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Strength of Polar Covalent Bond

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What is a Polar Covalent Bond?

A polar covalent bond is one of the covalent bond types. Covalent bond occurs between the two non-metal atoms by the use of the common electrons. There are two types of the covalent bond; polar and non-polar bond. Polar bond has no electron exchange between atoms; the electrons in the last orbits are used commonly. Molecule that occurs at the result of the polar covalent bond is called as compound molecule. The electronegativity of two atoms is different from each other and so the covalent bonds formed by these two atoms do not share the common electron equally. The more electronegative atom attracts this pair of electrons and thus the polar covalent bond is formed.

Polar Covalent Bond
Polar Covalent Bond

Polar Bond Strenght

In a Polar Covalent Bond; as vectorial the net force differs from the zero and different kinds of atoms comes together. If we compare the strengths of the bonds; the polar bond strength is equal to the power of the non-polar bonds. In a different possibility, the polar bond strength is more than the non-polar bond strength. Non-polar bonds are not stronger than the polar bonds. An atom core attracts the electrons pairs to itself and it needs a power for doing this. We can say that this strength is called as electronegativity. The shared electrons may not spend the same amount of time between the atoms. While electrons are found more around an atom, they may spend less time around the others. The most important reason for this situation is electronegativity. The atoms are different electronegativity so the attraction of electrons will be different. Besides, the size of the atomic diameter can be evaluated as one of the other factors.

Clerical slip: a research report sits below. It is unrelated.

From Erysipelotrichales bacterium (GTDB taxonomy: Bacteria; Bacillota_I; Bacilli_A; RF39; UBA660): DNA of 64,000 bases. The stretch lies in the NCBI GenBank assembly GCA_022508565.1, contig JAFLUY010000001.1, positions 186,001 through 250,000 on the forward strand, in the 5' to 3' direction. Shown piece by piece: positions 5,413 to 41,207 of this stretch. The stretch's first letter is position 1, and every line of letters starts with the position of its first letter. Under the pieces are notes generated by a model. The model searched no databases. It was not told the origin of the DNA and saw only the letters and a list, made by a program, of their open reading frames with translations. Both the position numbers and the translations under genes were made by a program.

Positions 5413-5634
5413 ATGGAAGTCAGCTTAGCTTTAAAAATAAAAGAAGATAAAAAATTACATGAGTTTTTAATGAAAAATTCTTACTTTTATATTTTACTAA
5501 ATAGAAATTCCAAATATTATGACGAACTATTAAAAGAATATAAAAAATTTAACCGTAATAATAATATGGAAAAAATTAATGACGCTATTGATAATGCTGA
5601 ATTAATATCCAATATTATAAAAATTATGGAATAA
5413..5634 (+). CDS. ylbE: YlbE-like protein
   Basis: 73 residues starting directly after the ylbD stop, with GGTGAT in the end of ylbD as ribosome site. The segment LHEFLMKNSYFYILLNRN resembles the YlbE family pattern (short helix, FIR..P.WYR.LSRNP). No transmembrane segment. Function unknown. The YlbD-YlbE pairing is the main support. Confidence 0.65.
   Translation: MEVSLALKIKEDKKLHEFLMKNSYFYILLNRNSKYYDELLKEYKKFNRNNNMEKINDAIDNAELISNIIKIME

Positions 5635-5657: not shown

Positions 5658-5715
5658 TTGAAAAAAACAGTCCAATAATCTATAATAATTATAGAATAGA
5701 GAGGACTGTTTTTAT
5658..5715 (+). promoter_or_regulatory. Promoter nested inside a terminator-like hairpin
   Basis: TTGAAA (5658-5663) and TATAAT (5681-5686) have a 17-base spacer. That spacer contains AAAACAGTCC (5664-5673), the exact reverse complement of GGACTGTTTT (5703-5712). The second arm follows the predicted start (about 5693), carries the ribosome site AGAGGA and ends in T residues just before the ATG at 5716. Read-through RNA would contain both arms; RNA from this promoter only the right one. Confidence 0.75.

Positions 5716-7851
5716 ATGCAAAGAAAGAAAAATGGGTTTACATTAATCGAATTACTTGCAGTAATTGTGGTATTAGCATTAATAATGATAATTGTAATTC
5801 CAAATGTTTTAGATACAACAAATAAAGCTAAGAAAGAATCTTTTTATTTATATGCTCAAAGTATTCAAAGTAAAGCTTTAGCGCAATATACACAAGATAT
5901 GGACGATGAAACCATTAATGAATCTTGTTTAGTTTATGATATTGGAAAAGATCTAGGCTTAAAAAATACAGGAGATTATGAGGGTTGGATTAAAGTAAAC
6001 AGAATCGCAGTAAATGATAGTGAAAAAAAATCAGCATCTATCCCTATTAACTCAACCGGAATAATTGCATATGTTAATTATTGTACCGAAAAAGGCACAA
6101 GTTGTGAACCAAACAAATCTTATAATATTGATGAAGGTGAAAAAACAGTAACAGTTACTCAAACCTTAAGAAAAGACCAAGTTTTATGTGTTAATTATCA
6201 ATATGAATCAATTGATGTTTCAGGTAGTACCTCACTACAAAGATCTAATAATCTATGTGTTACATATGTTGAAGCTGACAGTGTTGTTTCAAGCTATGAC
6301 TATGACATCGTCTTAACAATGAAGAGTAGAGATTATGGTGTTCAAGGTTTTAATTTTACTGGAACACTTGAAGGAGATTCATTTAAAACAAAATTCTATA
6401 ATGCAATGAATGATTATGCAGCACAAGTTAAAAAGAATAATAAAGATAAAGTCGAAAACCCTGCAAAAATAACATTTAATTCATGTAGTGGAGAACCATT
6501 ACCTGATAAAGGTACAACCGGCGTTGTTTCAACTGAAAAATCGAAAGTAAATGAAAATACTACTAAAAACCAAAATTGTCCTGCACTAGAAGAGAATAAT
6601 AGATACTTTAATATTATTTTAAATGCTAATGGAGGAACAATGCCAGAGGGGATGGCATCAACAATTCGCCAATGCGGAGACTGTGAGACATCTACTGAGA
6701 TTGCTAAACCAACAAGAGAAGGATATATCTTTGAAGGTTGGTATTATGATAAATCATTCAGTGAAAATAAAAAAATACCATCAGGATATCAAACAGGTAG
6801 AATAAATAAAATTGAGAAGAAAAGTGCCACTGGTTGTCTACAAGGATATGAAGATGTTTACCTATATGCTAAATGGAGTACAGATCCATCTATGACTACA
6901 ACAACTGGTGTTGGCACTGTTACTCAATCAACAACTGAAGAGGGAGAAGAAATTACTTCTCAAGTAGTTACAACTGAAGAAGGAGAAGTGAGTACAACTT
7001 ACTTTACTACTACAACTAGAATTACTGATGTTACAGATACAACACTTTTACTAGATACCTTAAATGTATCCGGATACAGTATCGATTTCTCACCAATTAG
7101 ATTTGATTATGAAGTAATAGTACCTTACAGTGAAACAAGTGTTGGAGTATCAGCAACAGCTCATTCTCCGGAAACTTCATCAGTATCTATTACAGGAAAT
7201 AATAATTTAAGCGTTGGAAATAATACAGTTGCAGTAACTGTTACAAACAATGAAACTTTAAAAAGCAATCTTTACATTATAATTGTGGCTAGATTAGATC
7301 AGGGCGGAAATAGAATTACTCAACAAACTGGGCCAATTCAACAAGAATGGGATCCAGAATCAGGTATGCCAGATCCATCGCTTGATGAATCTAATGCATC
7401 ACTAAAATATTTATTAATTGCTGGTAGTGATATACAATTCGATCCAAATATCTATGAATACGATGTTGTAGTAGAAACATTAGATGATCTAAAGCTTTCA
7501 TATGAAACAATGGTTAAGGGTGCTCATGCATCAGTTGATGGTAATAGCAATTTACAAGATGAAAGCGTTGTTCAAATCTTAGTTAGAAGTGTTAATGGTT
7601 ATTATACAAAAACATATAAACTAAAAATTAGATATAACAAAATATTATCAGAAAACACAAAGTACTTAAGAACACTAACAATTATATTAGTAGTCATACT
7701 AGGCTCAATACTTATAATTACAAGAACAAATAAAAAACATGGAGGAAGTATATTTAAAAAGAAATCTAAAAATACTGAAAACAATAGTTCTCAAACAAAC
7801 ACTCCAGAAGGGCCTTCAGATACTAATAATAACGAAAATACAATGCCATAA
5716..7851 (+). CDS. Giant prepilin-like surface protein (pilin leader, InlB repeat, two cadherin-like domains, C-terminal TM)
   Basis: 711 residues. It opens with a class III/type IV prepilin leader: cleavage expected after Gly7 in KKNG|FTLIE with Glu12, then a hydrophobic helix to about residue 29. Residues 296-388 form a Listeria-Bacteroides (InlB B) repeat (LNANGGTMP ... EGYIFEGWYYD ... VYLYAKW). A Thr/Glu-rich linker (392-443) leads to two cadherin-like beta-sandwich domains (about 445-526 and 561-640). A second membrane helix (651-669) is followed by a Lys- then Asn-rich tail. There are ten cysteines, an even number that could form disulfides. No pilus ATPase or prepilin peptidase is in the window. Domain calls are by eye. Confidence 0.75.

Polar Covalent Bond
Polar Covalent Bond

How to Separate Polar and Non-Polar Molecules?

In order to understand whether a molecule is polar or non-polar, we must look at the atoms form that molecule and the bonds between the atoms. Polarity is a concept related to the charges. When we look at a molecule, one end of the molecule is positive and the other end of the molecule is negative. We can see these marks. Although the charge of the molecule is neutral in total, this situation tells us that electrons do not move equally between the atoms. So, the molecule partly brings about the plus and minus polarization. If there is no difference in the atoms’ electronegativity we cannot say the bond will be polar bond between these atoms because this means they are same! This is the non-polar bond due to its mono-atomic molecular characteristic. There is a balance between them so their mutual electrons spend equally times between both atoms.

Polar Covalent Bond
Polar Covalent Bond

Polar Bond Example

The most known polar bond example is water! (H2O) In the last orbitals of the Hydrogen and Oxygen molecules which form water, the electrons are commonly used and so this bond is called as Polar Covalent Bond.

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